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1.06.2021

Minotaur I Rocket Launching June 15 from NASA Wallops

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A Minotaur I rocket carrying a national security payload for the National Reconnaissance Office (NRO) is scheduled for launch June 15, 2021, from NASA’s Wallops Flight Facility in Virginia. The U.S. Space Force (USSF) Space and Missile Systems Center’s Launch Enterprise is providing the launch services for this mission.

 

The launch vehicle, built and operated by Northrop Grumman, is scheduled for liftoff between 6:30 and 11:30 a.m. EDT from the Mid-Atlantic Regional Spaceport’s (MARS) Pad 0B on Wallops Island.

The launch may be visible along the U.S. east coast. In addition, the mission will be streamed live on the Wallops YouTube channel.

The NASA Visitor Center at Wallops will not be open for this mission.

Mission information, including photos, will be available following the launch on the NRO, USSF, NASA Wallops, and Northrop Grumman websites, and their respective Facebook, Instagram and Twitter accounts.

This mission, named NROL-111, will be the third small launch USSF mission and the NRO’s second dedicated launch from Wallops in the last 12 months.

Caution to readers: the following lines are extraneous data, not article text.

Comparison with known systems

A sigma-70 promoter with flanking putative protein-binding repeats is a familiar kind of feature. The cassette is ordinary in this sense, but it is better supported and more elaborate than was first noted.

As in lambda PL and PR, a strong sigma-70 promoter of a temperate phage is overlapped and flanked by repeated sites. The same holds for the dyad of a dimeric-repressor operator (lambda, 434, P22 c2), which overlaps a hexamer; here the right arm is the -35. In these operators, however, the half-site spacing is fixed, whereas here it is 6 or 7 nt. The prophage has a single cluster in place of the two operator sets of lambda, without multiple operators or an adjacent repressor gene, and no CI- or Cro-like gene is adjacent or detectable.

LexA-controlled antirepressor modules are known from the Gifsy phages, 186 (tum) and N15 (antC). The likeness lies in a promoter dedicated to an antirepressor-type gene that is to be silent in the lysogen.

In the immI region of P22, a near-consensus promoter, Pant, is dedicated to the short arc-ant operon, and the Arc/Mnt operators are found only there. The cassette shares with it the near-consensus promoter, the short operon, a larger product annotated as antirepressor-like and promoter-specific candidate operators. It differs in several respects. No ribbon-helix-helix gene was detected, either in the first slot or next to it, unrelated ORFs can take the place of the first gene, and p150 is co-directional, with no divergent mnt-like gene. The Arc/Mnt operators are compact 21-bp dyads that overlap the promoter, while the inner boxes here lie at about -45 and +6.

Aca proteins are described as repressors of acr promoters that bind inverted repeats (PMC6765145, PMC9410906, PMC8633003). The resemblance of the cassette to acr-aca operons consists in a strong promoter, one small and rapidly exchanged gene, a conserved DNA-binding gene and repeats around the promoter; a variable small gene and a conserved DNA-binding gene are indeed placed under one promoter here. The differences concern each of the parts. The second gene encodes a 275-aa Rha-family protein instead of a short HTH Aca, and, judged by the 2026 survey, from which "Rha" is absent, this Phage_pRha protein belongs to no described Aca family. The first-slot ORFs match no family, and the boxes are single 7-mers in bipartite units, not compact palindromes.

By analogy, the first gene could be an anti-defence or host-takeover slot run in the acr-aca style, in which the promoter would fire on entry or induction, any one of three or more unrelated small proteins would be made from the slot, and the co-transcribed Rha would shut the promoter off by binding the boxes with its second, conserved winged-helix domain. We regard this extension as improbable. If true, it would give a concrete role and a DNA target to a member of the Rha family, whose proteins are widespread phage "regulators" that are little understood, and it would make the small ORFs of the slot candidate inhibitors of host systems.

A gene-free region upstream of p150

The NRO is the Intelligence Community element and a Department of Defense agency responsible for developing, acquiring, launching, and operating America’s intelligence satellites to meet the national security needs of the nation.

The 69-foot tall Minotaur I launch vehicle consists of two solid-fueled motors from decommissioned Minuteman ICBMs as the lower stages and two solid-fueled commercial solid rocket motors as upper stages.

NROL-111 is the second Northrop Grumman orbital launch from the MARS launch pads in 2021. Minotaur rockets have been launched from Wallops for nearly 15 years.

Quelle: NASA

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Update: 9.06.2021

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Watch the June 15 Minotaur 1 Launch from Wallops

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NASA
 

Get up early June 15, grab a cup of coffee and watch the rise of Northrop Grumman’s Minotaur 1 rocket as it’s launched into space from NASA’s Wallops Flight Facility in Virginia.

The rocket carrying three national security payloads for the National Reconnaissance Office (NRO), is scheduled for launch at 7a.m. June 15, from the Mid-Atlantic Regional Spaceport’s (MARS) Pad 0B on Wallops Island. The U.S. Space Force (USSF) Space and Missile Systems Center’s Launch Enterprise is providing the launch services for this mission.

This mission, named NROL-111, will be the third small launch USSF mission and the NRO’s second dedicated launch from Wallops in the last 12 months.

The launch may be visible, weather permitting, to residents throughout the mid-Atlantic region and possibly the East Coast of the United States.

The NASA Visitor Center at Wallops will not be open for this launch.

Viewing locations on Chincoteague Island include Robert Reed Park on Main Street or Beach Road spanning the area between Chincoteague and Assateague Islands.